Hi Tamara, thank you for sharing this gardening method-and your obvious enthusiasm for it! I inherited my home from my grandparents, who both grew up on farms when the “wonders” of pesticides were thought to be a gift from the gardening gods. While the grounds of their estate reflect their love of gardening and hard-work, I have run into some unfortunate side-effects from the years of harsh chemicals use.
    I have decided to cover the contaminated earth (after watching my last harvest wither) with newspaper>compost>garden soil> mulch, and plant my garden in this top layer.
    In your opinion, Is it necessary to wait another year for the first layers of mulch to break down, or will my plan suffice in giving a few hearty ground covers a fresh place to thrive?
    Thank you again for your insight,
    Kate M.

    • Tamara | 20th Mar 18

      Hi Kate,
      I think in time, this should work for you. But when starting out a garden of this type, Paul suggests laying down the layers in the fall, letting it sit all winter, and then planting in the spring. When planting, you still need to get down into the earth below the woodchips (or whatever mulch you are using) to plant your seeds or transplants. You cannot only plant in the compost and mulch layer. The roots do need to get down into the soil below. However, you mention adding garden soil into the mix as well. I guess it would depend on how much you are adding? But yes, I think it will work for you if you plant in the soil, not the mulch. It may take some time for the system to break down enough and for the micro-organisms to do their good work and begin fixing the bad soil below. I know that I would be too impatient to wait another season….I say give it a go, it can only be better than your last season and I think it will continue to improve over time. Good luck!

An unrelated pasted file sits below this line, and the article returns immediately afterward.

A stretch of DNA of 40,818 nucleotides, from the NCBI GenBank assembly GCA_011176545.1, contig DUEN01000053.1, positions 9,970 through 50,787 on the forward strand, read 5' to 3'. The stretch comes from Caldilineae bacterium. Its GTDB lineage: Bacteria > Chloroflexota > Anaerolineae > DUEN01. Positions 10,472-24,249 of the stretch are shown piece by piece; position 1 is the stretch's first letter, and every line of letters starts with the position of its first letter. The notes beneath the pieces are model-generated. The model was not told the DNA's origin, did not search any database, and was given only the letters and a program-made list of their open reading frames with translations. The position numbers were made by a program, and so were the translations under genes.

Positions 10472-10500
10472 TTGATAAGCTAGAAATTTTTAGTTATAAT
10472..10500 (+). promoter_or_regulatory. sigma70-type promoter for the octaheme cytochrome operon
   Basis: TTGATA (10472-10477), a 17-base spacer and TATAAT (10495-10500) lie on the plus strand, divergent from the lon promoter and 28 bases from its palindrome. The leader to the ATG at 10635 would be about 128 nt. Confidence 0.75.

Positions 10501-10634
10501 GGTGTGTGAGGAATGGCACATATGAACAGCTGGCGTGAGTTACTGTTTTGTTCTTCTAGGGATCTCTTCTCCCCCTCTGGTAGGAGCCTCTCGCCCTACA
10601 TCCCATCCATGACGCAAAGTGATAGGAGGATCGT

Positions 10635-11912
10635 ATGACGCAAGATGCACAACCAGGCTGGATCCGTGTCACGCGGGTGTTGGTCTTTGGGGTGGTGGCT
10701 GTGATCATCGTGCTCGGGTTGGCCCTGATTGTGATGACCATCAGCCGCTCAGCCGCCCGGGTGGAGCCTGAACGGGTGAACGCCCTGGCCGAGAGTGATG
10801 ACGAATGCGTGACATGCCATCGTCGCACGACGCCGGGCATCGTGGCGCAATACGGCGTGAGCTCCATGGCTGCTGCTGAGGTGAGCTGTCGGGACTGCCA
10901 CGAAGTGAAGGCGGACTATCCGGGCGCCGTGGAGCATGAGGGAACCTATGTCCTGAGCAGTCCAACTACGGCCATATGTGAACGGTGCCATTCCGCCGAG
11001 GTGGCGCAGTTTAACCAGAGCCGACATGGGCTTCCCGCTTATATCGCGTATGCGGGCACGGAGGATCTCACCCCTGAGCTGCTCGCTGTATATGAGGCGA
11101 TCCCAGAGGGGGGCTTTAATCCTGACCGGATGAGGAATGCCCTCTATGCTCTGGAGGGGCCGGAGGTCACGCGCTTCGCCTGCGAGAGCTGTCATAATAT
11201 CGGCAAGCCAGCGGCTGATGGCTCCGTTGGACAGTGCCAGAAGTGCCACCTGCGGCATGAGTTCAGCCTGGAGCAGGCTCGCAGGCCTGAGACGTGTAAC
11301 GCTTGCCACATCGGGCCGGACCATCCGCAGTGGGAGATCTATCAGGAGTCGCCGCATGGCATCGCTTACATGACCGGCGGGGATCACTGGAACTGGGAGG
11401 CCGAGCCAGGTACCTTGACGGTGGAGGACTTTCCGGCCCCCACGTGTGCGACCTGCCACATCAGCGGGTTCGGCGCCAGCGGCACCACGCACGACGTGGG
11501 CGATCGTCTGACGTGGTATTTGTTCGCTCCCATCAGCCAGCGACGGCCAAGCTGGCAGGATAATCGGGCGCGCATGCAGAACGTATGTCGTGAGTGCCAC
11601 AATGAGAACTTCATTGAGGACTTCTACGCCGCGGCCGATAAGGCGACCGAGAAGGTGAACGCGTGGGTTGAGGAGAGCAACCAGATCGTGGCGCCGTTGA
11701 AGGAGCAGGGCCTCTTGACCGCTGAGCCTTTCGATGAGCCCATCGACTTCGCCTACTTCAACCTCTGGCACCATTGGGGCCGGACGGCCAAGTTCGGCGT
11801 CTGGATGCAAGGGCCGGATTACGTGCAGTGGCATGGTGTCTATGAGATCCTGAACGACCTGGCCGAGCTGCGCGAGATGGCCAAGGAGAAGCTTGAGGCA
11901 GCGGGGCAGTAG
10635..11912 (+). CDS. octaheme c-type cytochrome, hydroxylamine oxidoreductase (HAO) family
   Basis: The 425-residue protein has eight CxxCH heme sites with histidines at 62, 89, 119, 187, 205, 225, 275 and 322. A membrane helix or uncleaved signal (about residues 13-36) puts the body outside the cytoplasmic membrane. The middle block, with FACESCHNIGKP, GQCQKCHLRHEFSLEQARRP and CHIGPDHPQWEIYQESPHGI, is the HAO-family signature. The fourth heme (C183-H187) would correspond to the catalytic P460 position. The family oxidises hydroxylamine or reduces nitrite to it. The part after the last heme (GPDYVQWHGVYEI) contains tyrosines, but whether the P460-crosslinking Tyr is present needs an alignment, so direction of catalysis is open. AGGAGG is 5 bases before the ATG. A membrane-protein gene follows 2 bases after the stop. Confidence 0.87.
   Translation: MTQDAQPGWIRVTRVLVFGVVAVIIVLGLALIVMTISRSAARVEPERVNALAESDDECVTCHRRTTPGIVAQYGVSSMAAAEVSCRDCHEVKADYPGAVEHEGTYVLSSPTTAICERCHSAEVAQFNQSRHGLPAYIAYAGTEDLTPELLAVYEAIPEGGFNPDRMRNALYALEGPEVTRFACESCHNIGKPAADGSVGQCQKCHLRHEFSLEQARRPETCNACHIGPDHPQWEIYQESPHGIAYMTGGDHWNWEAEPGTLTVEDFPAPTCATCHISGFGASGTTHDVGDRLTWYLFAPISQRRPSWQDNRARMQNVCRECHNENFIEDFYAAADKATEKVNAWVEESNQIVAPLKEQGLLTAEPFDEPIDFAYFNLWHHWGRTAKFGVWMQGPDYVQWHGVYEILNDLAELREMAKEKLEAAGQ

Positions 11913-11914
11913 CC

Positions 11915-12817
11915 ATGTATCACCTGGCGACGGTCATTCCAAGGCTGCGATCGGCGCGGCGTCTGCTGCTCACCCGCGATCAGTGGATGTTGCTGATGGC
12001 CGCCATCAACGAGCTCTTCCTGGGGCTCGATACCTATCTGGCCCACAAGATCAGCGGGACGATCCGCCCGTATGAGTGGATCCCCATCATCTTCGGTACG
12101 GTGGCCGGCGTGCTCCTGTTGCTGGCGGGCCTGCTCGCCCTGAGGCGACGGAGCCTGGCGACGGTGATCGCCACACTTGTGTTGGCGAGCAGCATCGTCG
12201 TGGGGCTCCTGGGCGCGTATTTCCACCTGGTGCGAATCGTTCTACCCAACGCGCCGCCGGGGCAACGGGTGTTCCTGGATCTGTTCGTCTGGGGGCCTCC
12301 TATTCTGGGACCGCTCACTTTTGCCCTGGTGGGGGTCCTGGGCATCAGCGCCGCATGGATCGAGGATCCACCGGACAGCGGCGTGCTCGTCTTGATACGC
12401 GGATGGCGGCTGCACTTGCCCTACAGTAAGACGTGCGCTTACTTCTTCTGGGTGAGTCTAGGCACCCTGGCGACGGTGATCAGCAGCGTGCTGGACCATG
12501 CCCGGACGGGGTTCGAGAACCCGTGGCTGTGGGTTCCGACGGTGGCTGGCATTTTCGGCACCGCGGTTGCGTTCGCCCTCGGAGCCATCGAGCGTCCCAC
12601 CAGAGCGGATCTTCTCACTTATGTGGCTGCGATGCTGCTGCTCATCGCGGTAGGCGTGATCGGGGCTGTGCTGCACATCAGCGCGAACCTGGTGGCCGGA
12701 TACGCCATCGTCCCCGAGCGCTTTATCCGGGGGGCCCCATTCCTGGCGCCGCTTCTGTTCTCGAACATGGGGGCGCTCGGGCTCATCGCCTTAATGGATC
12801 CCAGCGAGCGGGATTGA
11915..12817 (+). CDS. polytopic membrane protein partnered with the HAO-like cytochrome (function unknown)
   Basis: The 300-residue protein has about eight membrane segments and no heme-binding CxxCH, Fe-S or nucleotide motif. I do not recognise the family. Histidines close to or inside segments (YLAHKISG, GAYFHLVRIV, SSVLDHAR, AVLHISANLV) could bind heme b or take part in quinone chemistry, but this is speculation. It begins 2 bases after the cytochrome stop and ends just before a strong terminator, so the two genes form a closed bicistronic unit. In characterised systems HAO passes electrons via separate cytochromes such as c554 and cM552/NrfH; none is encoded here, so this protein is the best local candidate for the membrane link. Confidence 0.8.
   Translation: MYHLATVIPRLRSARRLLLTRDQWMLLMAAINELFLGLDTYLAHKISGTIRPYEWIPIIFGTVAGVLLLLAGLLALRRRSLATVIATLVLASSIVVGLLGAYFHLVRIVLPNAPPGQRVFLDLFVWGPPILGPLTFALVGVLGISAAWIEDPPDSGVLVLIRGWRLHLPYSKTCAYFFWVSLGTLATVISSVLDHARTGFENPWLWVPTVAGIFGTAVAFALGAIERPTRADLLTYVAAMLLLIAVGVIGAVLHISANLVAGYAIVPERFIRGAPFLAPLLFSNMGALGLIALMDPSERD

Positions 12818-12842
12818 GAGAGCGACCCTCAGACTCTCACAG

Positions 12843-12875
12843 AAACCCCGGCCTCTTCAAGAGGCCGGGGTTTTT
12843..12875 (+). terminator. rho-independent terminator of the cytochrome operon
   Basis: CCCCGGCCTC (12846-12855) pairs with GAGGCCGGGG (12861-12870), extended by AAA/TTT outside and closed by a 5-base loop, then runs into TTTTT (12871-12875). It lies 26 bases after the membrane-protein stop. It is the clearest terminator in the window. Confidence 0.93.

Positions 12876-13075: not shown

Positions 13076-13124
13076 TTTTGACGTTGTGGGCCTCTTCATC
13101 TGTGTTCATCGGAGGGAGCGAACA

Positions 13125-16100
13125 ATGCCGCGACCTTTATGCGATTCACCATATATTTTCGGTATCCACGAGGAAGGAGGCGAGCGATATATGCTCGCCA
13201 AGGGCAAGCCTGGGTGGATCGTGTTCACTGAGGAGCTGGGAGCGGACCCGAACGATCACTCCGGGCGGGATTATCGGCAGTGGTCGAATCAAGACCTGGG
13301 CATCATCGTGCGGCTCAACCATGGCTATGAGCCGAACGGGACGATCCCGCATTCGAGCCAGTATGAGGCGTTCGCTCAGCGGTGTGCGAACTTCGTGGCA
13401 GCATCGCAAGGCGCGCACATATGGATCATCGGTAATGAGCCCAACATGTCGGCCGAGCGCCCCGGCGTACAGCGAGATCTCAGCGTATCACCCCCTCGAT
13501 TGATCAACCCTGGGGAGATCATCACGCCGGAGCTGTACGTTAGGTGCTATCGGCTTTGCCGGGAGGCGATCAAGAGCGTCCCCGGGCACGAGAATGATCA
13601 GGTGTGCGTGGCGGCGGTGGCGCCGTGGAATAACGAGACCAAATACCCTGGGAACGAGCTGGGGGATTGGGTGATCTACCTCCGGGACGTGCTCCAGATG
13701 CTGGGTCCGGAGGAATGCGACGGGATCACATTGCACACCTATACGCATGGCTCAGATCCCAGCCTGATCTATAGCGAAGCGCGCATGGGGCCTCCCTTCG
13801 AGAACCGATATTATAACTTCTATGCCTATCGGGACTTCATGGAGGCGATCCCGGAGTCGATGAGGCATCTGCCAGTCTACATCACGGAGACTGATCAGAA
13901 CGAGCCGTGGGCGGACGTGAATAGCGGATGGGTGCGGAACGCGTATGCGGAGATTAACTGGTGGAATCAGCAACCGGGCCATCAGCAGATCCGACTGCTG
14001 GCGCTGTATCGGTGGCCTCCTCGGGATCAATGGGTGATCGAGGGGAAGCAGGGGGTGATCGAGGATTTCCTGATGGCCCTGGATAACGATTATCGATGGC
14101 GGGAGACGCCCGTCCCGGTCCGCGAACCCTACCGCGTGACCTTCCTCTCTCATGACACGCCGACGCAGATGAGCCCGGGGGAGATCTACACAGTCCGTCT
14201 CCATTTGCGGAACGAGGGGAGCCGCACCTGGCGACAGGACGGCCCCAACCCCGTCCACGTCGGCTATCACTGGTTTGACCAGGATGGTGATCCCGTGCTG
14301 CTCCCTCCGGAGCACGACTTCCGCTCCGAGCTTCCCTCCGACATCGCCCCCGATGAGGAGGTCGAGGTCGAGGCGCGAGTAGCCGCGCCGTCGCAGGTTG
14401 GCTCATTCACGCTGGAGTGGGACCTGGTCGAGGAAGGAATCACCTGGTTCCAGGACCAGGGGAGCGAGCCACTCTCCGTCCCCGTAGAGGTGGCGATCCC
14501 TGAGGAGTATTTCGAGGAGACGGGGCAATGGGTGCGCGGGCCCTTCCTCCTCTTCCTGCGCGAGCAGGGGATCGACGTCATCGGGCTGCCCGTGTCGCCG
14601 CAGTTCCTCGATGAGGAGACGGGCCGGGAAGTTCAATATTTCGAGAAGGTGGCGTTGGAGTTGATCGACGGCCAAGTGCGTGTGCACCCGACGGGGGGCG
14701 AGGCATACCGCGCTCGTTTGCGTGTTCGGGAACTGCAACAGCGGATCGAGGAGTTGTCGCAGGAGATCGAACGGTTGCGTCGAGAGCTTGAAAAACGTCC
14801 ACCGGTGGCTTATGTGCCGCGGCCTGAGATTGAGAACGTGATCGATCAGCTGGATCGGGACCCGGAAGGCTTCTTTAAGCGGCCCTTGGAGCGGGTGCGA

6. Dawn | 24th May 19

    I’ve been a fan of no-till gardening for several years, and have a thick layer of straw all over my veggie beds. I do use cedar mulch in my flower beds just because it’s prettier, but it’s not nearly as efficient as the straw for keeping the weeds at bay. The only problem I ran into last year was that the straw I got had not been properly prepared (or something!) and it grew. Really, really grew! I ended up pulling it up and putting down different straw (and yes, it was straw, not hay, at least the feed store told me it was). Anyway, other than that, I use straw because it’s much easier to find around here than wood chips.

    • Tamara | 27th May 19

      Hi Dawn, yes, sometimes the hay does sprout, but I find that when it does, it is super easy to pull up. Unlike chick weed, dock, clover, buttercup, etc. I would rather pull up hay sprouts any day than those! One tip, if you do see a bunch of it sprouting, grab a metal rake when you see the baby sprouts, and just give them a good raking, pulling the roots out as you go. The baby seedlings will soon die with their roots not in the ground. Also, if you pile enough straw up (I usually put a few inches down in both fall and spring), not many seeds reach the ground beneath and less will germinate. Keep that ground covered! Thanks for sharing your mulching methods with us!

  7. Bloomington Tree Services | 18th Jun 19

    Wow, thanks for introducing the Lasagna Gardening technique. Thanks for explaining it so clearly. We can’t wait to try it out.